Panic at the Pump: The Energy Crisis and the Transformation of American Politics in the 1970s

Meg Jacobs. FSG/Hill and Wang, $27 (384p) ISBN 978-0-8090-5847-1
Jacobs (Pocketbook Politics), a research scholar at Princeton University, chronicles the evolution of American energy policy from the dying embers of New Deal politics, arguing that consumer unwillingness to stomach higher prices at the pump ultimately doomed energy reforms that would have weaned the U.S. economy off imported oil. Determined to break from big-government initiatives that imposed price controls on oil, conservatives such as George H.W. Bush, the “New England country-club Republican” turned Texas oilman, and William Simon, Treasury secretary under presidents Nixon and Ford, drove through policies that left the free market to regulate energy prices, battling New Deal liberals and angry environmentalists at every turn. It’s a riveting ideological clash, played out over decades against a backdrop of fed-up voters waiting in gas lines. Unfortunately, Jacobs chooses to emphasize the nitty-gritty of Congressional politics rather than a more sustained look at the intellectual and social currents that helped propel Reaganite conservatism. The result is shallow political analysis laid out in dull prose. The economic “malaise” of the Carter administration seems to have spilled into Jacobs’s tired recounting of the repeated energy crises the country faced, and the book’s too-brief conclusion offers no new insights into the future of energy politics. (Apr.)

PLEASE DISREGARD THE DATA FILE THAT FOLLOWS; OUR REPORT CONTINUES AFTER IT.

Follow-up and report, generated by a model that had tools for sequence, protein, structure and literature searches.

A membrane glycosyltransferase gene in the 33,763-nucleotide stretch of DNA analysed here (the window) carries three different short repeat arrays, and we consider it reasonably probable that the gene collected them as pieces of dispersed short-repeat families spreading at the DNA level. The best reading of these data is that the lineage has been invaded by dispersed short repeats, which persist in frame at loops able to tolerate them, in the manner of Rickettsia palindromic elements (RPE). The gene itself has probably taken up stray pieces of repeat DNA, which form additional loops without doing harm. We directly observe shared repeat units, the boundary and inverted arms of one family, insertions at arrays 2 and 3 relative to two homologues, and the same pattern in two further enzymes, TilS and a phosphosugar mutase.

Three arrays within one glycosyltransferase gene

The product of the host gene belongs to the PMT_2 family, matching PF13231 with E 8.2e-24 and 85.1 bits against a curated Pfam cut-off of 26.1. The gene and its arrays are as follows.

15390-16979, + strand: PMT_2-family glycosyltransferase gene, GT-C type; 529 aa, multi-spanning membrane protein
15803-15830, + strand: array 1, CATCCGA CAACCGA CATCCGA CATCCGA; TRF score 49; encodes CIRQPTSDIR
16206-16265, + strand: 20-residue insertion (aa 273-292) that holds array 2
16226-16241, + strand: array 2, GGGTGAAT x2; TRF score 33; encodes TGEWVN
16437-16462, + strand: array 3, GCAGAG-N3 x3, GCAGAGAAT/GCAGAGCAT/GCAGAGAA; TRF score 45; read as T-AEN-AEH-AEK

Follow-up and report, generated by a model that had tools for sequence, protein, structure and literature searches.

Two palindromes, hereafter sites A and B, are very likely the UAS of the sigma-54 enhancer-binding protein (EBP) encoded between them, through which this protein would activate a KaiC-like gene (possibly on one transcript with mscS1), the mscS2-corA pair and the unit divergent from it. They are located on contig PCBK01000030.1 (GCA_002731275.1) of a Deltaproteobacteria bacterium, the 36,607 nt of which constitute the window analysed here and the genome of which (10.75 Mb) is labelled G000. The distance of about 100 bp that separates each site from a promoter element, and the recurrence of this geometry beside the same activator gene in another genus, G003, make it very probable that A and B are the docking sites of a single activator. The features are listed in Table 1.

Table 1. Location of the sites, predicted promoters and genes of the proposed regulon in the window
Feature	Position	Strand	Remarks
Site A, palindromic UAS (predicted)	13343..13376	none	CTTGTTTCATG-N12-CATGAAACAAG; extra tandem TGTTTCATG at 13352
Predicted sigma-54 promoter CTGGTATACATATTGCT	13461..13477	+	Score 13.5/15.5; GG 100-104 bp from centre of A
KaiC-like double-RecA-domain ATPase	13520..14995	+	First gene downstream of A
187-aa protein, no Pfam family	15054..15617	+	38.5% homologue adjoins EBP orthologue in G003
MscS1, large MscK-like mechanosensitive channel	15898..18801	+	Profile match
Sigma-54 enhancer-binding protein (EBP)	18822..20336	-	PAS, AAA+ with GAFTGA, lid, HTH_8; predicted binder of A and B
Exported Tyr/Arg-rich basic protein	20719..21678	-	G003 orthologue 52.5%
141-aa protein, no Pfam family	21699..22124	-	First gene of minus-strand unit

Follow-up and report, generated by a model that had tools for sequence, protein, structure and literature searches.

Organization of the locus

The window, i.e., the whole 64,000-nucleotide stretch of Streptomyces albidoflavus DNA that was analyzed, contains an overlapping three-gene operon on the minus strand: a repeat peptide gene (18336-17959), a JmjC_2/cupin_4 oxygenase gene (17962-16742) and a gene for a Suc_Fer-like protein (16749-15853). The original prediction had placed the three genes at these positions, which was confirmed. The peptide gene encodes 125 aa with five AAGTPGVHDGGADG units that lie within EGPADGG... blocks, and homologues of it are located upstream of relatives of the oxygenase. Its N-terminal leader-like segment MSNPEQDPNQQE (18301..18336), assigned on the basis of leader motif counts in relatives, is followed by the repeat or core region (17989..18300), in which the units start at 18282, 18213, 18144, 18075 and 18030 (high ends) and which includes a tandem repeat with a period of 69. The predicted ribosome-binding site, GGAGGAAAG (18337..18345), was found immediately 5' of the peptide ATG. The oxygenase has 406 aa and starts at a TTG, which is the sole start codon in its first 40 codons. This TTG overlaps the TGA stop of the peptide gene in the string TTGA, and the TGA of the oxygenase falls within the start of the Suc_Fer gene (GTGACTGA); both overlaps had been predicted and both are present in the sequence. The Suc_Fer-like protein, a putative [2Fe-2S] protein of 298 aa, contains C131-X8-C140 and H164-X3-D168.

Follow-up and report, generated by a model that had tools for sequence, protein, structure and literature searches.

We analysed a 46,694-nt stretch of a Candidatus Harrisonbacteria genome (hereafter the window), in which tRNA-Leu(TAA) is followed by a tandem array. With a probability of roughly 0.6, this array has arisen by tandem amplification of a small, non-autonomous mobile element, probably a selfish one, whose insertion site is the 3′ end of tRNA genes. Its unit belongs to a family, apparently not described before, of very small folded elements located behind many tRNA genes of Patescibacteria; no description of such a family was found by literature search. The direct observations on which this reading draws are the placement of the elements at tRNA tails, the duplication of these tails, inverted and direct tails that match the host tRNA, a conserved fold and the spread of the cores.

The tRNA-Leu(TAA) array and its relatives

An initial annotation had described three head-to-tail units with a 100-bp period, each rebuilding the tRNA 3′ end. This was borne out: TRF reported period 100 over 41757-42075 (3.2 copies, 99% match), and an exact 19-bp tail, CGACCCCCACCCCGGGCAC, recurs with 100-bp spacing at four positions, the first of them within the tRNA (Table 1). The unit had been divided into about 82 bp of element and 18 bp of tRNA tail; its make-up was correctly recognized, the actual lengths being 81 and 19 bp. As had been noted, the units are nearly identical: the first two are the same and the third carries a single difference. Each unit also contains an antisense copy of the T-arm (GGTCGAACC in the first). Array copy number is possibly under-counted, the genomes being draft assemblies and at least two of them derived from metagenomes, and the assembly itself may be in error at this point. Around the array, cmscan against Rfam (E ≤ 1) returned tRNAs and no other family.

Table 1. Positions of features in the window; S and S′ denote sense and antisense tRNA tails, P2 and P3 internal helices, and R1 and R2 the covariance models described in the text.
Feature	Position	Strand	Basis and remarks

Reviewed on: 01/18/2016
Release date: 04/19/2016
Genre: Nonfiction
Paperback - 400 pages - 978-0-8090-7507-2
Open Ebook - 384 pages - 978-0-374-71489-5
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